On 12/16/2016, The Des Moines Register reported that the Iowa Public Information Board had ruled that Prairie Meadows Race Track and Casino was not a “government body” according to their rules and, therefore, was not required to follow open records laws, and not required to provide the Register with records pertaining contracts of its top executives. (See link below.)
The Register can appeal the decision, and has some good arguments why Prairie Meadow should be subject to open records laws. But even if Prairie Meadows is not required to follow open records laws, they could still release the records voluntarily. Just because it is legal to do something does not mean it is the right thing to do. Prairie Meadows would not exist if not for the original support of Polk County taxpayers. The board claims that Prairie Meadows is a not-for-profit organization, (even though the IRS disagrees). I don’t understand why any board member would want to be anything other than completely transparent about the operations of Prairie Meadows? I presume that none of them feel they have anything to hide.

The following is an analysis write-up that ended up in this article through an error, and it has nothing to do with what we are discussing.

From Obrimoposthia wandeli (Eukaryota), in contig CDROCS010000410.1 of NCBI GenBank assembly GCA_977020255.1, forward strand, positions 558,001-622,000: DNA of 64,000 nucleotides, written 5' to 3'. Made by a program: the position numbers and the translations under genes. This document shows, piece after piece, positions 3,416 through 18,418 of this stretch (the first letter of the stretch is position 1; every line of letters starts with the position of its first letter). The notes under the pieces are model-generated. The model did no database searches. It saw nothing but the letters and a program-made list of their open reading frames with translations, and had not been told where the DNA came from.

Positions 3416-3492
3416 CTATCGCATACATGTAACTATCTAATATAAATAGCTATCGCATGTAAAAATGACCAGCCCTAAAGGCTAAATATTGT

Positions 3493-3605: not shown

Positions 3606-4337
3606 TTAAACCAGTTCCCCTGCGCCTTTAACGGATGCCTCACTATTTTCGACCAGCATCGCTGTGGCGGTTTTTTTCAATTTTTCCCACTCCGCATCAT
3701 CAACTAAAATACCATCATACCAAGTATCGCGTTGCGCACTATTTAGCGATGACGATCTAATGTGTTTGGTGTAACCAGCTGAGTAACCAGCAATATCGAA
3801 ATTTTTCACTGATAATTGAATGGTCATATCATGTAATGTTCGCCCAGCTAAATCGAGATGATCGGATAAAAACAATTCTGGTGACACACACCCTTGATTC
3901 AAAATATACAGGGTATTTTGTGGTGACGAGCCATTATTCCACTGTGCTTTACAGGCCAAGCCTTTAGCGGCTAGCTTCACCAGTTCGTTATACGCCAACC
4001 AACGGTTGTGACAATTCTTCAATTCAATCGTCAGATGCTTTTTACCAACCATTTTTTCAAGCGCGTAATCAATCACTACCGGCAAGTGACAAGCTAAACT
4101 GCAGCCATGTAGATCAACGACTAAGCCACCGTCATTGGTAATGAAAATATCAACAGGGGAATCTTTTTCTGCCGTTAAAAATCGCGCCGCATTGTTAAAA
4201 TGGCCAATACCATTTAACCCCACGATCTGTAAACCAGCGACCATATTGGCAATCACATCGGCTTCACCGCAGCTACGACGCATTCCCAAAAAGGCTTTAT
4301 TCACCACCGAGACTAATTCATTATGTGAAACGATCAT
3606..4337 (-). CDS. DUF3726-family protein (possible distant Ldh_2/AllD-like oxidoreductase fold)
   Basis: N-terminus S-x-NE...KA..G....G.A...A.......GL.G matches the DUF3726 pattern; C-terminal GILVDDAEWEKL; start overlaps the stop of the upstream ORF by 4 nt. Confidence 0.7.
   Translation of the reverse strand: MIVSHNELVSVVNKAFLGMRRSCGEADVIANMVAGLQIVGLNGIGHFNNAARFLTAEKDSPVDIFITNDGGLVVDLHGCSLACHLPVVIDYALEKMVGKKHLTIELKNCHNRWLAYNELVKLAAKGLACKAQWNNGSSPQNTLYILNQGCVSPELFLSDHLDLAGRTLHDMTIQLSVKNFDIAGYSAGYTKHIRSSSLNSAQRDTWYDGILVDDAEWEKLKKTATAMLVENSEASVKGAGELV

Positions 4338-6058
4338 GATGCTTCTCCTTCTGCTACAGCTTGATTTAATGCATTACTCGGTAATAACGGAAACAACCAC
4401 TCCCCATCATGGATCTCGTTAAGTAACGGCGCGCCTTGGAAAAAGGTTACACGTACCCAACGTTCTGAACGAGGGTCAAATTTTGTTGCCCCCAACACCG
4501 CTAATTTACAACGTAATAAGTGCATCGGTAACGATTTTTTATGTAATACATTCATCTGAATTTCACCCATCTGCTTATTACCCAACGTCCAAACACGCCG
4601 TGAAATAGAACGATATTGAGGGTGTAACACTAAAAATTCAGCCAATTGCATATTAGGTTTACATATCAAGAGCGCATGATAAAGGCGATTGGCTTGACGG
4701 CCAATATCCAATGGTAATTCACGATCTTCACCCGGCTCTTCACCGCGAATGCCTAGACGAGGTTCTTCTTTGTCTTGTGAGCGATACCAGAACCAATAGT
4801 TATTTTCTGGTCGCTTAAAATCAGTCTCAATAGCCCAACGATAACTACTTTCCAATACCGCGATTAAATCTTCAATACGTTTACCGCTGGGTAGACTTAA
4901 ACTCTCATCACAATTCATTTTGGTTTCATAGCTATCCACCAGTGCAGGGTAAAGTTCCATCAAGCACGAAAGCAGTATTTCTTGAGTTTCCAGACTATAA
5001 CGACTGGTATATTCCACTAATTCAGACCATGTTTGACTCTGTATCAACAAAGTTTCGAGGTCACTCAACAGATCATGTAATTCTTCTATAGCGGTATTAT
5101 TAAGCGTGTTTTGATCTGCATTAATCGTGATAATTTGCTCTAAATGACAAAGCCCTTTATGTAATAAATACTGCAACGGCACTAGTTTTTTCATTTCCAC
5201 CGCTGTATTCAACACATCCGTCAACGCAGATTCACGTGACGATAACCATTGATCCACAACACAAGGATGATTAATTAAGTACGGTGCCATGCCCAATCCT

I appeal to the board members of Prairie Meadows to simply do the right thing, and voluntarily open their records to the public, and the Des Moines Register.
Link to Register article: http://www.desmoinesregister.com/story/news/local/government/2016/12/15/iowa-board-says-prairie-meadows-records-can-secret/95492840/
Iowa originally got into gambling by legalizing betting on horse racing and dog racing. Legalization of gambling was sold to the public, in part, as an economic development idea. Horse breeding and training jobs would be created. Voluntary gambling would not only pay for the racing purses (and get the money to the animal owners and trainers to create the jobs), but would also provide money to governments and charities. Of course, as it has evolved, there is not enough money being gambled on either horse or dog races to pay for the purses, much less any money for government or charities. Profits from traditional casino gambling are covering the tremendous losses from animal racing.
There is a proposal in the Iowa Legislature to end dog racing by paying $70 million dollars to the private dog racing industry. There is no current proposal to end horse racing. Both need to be ended, and there should be no payment to either the horse or dog racing industries. If the racing were eliminated, it should not be allowed to result in windfall profits for private, for-profit owners of casinos that are funding the current losses. If the owners of the of race tracks are willing to pay $70 million to the dog owners in return for ending dog racing, then they should be willing to pay that same $70 million to either government to charities.